Maidstone, 28th August 2011
Dear disciples of Jesus Christ.
Probably only once in the history of the church the pope was called Satan. By God. In today’s Gospel Jesus said to Simon Peter: “Get behind me, Satan!” (Mt 16:23). Thinking about this, I’d like to say just three words concerning criticism.
1. Firstly: God is not afraid of criticism.
In the first reading prophet Jeremiah says:
You have seduced me, Lord and I have let myself be seduced; you have overpowered me: you were the stronger. (Jer 20:7 NJB). Inanother translationwe read: You deceived me, LORD, and I was deceive (NIV).
Why did God allow these words to be written?
In The Book of Psalms we read: Why do you reject my soul, LORD, and hide your face from me? (Ps 88:15) or Awake! Why do you sleep, O Lord? Rise up! Do not reject us forever! (Ps 44:24)
In the Bible we find a lot of similar words. The people were not afraid to accuse God or to criticize him. Why did God allow these words to be written? Because God is not afraid of criticism. Because God prefers sincerity to hypocrisy.
2. Secondly: God is not afraid of saying difficult things.
Ha said through the prophet Isaiah:
Your meetings I utterly detest; to me they are a burden I am tired of bearing. When you stretch out your hands I turn my eyes away. You may multiply your prayers, I shall not be listening. (Isa 1:15-16)
Ha said through the prophet Malachi:
’And now, priests, iIf you will not listen, if you will not sincerely resolve to glorify my name, says Yahweh Sabaoth, I shall certainly lay a curse on you and I shall curse your blessing. (Mal 2:1-2)
Even in the Gospel we can read:
Alas for you, scribes and Pharisees, you hypocrites! You are like whitewashed tombs that look handsome on the outside, but inside are full of the bones of the dead and every kind of corruption.
God is not afraid of saying difficult things. God is not afraid to criticize. Why? What for? Because God prefers to save people even by hard means than to be polite at any price. Because God is like a doctor who tells patients the truth even though they don’t like it.
3. Lastly: God teaches how to criticize constructively.
Why do you observe the splinter in your brother’s eye and never notice the great log in your own? […] Take the log out of your own eye first, and then you will see clearly enough to take the splinter out of your brother’s eye. (Mat 7:3.5)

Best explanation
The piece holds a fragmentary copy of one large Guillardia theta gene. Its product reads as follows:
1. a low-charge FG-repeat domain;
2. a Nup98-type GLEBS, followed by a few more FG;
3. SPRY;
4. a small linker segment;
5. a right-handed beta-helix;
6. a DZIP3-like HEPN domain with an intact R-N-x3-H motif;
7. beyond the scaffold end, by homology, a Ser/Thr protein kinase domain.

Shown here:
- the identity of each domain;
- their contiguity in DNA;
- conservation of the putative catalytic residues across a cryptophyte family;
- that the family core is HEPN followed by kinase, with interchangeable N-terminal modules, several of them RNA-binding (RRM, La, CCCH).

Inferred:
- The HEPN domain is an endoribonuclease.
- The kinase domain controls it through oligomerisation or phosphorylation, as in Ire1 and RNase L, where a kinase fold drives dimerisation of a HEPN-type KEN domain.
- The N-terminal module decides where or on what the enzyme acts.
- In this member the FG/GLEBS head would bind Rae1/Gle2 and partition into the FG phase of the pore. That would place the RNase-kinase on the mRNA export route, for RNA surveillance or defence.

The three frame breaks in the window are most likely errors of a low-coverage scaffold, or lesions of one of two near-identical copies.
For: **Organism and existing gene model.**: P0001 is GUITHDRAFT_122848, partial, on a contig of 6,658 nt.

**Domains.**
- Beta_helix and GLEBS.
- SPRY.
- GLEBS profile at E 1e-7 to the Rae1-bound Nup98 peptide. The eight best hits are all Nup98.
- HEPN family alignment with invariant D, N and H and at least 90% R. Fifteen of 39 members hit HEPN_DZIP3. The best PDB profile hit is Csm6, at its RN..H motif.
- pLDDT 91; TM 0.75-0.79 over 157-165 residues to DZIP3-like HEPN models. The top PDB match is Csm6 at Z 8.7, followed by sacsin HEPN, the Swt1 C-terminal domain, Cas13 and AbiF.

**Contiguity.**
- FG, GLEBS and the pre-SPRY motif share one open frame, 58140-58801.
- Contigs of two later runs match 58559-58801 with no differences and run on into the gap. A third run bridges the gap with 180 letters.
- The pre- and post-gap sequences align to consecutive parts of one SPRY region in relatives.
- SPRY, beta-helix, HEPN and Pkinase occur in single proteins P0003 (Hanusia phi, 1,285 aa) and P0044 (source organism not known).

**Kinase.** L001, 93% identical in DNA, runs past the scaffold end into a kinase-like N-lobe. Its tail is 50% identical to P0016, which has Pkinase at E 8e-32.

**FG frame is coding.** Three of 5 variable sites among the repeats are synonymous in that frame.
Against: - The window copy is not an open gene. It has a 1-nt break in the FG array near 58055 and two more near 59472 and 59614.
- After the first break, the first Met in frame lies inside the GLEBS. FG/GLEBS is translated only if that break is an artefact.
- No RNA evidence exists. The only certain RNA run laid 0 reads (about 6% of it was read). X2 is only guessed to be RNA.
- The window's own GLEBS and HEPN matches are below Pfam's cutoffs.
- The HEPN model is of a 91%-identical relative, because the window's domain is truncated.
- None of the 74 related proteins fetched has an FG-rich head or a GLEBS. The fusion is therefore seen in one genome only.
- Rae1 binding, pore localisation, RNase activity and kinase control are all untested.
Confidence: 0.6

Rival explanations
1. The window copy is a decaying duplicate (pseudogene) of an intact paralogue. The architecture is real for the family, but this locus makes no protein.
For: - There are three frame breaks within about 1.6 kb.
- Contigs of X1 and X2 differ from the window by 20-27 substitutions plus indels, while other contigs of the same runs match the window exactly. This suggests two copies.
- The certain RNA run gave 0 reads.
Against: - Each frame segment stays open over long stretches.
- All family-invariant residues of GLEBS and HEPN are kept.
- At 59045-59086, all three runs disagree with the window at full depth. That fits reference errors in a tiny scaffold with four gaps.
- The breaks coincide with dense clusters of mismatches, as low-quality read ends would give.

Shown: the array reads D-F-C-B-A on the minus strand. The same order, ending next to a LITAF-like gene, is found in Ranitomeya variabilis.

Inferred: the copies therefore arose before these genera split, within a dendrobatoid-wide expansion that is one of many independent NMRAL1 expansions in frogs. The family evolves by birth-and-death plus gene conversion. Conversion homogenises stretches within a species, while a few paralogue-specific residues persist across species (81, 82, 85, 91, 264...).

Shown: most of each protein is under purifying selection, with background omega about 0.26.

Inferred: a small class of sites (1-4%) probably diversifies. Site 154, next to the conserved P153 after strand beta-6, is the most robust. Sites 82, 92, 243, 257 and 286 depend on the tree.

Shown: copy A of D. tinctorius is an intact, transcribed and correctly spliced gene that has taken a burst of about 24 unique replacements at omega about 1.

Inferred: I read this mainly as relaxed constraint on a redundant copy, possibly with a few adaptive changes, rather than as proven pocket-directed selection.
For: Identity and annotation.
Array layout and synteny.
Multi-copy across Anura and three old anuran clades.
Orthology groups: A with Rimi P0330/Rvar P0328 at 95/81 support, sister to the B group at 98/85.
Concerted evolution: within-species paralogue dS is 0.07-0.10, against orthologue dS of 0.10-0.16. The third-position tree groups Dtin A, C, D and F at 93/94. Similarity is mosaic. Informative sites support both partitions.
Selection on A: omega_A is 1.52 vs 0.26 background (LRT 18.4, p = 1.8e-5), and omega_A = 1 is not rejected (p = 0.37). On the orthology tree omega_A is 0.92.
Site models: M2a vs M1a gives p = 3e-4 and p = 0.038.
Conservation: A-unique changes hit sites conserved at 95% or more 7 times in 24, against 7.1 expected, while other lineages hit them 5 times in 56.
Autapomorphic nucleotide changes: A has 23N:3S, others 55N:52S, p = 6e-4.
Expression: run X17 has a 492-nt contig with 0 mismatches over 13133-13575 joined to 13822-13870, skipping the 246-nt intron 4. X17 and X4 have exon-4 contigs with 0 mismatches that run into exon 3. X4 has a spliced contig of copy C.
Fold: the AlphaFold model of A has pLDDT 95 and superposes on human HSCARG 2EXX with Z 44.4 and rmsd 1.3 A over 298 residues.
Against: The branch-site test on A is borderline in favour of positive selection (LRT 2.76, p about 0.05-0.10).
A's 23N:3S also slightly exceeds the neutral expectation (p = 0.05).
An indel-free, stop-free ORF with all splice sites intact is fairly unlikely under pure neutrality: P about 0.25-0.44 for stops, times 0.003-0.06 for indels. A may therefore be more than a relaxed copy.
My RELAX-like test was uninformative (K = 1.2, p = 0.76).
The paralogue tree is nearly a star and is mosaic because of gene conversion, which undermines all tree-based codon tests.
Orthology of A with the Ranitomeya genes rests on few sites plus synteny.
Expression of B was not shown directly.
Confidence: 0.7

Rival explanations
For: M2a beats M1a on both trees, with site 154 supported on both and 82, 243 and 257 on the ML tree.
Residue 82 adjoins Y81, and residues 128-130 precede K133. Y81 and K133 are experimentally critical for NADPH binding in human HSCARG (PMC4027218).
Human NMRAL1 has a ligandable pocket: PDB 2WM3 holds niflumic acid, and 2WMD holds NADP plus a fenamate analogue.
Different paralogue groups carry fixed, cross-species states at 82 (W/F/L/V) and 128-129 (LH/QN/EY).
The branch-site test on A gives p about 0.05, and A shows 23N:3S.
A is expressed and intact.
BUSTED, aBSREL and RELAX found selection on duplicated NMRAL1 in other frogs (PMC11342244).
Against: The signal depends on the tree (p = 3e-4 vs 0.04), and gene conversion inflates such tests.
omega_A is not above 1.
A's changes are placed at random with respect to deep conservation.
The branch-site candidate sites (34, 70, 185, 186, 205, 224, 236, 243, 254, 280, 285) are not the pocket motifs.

This is the first rule. If you want to criticize others, start by criticizing yourself.
The second rule is:
If your brother does something wrong, go and have it out with him alone, between your two selves. (Mat 18:15).
The third rule is: If we wish to criticize publicly we must keep it generally. Jesus criticized the scribes and Pharisees without singling out any individual. Jesus criticized them generally knowing that not all were wrong.
The fourth rule is: If the evil is public we can react publicly. And criticize even by name. Saint Paul wrote in his letter to Galatians:
When Cephas came to Antioch, I opposed him to his face because he clearly was wrong. For, until some people came from James, he used to eat with the Gentiles; but when they came, he began to draw back and separated himself, because he was afraid of the circumcised. (Gal 2:11-12).
The fifth rule is: Temper any criticism with love. If you don’t love, don’t criticize. Sometimes God says hard things but he loves people more than anyone. Sometime parents are forced to criticized the child but it is done with love. Saint Paul criticized Peter not because he didn’t love him or because he wanted to destroy him. Paul loved Peter, the church and the truth.
Dear disciples of Jesus Christ.
If God is not afraid of criticism why should we be? If Saint Peter was not afraid of criticism why should we be? The truth is not afraid of anything, neither the truth nor the lie.
We know that the issue of criticism is delicate. But we cannot forget that criticism is a good step towards development. Anyone who is afraid of criticism will never progress.